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CSI season 8 - part 2

March 2009 SITE MAP   SEARCH

CSI - Crime Scene Investigation: season eight
cast: William Peterson, Marg Helgenberger, Gary Dourdan, George Eads, and Paul Guilfoyle

creator:: Anthony E. Zuiker

690 minutes (15) 2008
widescreen ratio 1.78:1
Momentum / CBS DVD Region 2 retail

RATING: 8/10
reviewed by Christopher Geary
Cut short by the recent WGA strike, this season of - probably - the world's premier TV franchise is limited to just 17 episodes. Of the current long-running US dramas, C.S.I. maintains a consistently high quality for both standalone stories and season-arc narratives that's unmatched by any of its main genre rivals for the attention of discerning viewers. In short, among 21st century shows, CSI is the best programme on.

After recap, we catch up with Grissom's team in Dead Doll, as they search for Sara (Jorja Fox) left for dead under a wrecked car in last season's cliff-hanger finale. Of course, there's a happy ending to this kidnap crisis, but Sara's days at the crime lab are numbered, anyway... A fairly routine, well established practice for this show, its elsewhere spin-offs and imitators (like Bones), is the mixing of two diverse crime-stories in a single episode. A La Cart also manages to reference its whodunit pair in a titular pun, as there's a dead go-kart champ, plus murder in a novelty restaurant.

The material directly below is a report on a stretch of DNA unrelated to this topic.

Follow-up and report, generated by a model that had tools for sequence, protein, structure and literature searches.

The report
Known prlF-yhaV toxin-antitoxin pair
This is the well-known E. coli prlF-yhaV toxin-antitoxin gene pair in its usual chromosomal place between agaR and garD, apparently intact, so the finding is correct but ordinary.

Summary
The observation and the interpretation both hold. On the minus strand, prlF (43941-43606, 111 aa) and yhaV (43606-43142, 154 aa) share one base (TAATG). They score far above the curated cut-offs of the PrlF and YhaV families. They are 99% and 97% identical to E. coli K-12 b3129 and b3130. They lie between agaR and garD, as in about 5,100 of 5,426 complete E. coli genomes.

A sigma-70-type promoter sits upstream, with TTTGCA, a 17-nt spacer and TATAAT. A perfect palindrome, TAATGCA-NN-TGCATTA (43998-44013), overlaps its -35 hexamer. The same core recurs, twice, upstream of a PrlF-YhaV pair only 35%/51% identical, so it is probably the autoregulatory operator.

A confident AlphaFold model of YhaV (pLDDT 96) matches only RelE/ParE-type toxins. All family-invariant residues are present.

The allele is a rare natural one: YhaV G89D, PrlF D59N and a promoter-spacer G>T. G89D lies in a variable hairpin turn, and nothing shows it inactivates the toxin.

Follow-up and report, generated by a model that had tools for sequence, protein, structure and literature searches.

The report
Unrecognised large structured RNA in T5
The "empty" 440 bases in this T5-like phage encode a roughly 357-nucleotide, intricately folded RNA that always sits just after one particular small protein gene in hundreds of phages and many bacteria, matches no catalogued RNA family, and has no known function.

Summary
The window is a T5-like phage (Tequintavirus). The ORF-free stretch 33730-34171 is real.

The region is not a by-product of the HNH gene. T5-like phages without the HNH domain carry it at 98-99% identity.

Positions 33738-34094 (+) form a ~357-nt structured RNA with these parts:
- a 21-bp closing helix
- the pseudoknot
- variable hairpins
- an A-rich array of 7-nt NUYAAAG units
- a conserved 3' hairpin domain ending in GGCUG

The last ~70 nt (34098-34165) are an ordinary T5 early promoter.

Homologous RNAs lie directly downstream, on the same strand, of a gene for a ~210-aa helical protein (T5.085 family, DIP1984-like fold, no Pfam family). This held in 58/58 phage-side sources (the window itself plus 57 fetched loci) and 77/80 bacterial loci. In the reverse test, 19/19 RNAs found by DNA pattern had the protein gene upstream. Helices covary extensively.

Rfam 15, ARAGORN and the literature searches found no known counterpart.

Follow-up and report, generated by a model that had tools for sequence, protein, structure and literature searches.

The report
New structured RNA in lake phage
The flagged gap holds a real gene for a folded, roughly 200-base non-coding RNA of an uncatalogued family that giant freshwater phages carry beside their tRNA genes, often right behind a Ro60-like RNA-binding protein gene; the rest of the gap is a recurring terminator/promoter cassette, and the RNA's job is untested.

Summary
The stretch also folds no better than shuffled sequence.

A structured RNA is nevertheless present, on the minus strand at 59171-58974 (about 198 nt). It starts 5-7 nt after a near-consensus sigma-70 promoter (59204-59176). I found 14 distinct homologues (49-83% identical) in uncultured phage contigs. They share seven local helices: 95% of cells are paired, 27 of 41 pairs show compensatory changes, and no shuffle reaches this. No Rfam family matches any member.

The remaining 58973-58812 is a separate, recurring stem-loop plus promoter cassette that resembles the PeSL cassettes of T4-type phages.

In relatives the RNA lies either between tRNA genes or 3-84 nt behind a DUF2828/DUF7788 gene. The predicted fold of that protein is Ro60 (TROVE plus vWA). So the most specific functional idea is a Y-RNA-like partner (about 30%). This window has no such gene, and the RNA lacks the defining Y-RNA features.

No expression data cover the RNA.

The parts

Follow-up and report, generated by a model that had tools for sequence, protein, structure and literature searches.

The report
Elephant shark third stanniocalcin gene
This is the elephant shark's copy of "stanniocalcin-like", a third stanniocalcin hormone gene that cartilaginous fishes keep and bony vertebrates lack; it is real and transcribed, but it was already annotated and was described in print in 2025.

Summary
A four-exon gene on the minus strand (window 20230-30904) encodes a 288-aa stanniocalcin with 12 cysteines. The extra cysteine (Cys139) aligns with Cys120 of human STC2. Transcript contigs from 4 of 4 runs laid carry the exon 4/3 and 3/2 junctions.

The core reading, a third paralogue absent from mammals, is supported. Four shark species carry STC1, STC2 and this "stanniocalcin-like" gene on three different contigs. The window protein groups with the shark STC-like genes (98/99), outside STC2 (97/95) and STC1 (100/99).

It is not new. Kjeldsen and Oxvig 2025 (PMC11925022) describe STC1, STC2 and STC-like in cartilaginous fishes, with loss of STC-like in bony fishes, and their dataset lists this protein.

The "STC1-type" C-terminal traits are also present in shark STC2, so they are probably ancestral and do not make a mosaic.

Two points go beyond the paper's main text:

This usual formula of two plot-threads per episode continues with Go To Hell, and the next couple of intriguing episodes, until Who And What (as directed by Danny Cannon), concerning a child-kidnapping case that involves FBI agent Jack Malone (Anthony LaPaglia) in part one of a crossover storyline concluded in episode Where And Why from generically similar TV series Without A Trace. Although the original CSI nightshift crew have already met their counterparts from both CSI: Miami and CSI: New York in crossover storylines, this intersection of previously unconnected television franchises is not a great success, and it seems just as awkwardly setup as those utterly contrived superhero team-ups whose flimsy plots are shared between different comic books in hopes of encouraging readers to buy extra issues. Such commercial scheming never worked very well in the comics' world, beyond having a curiosity and novelty value, and the same trick enacted here for the purposes of drawing channel- surfers into watching other shows doesn't work, either. It's no help at all that the lead characters (CSI Gil, FBI Jack... that's Jack and Gil, geddit?) lack any measure of male-bonding chemistry, even in the chalk 'n' cheese manner of buddy-movie partnerships.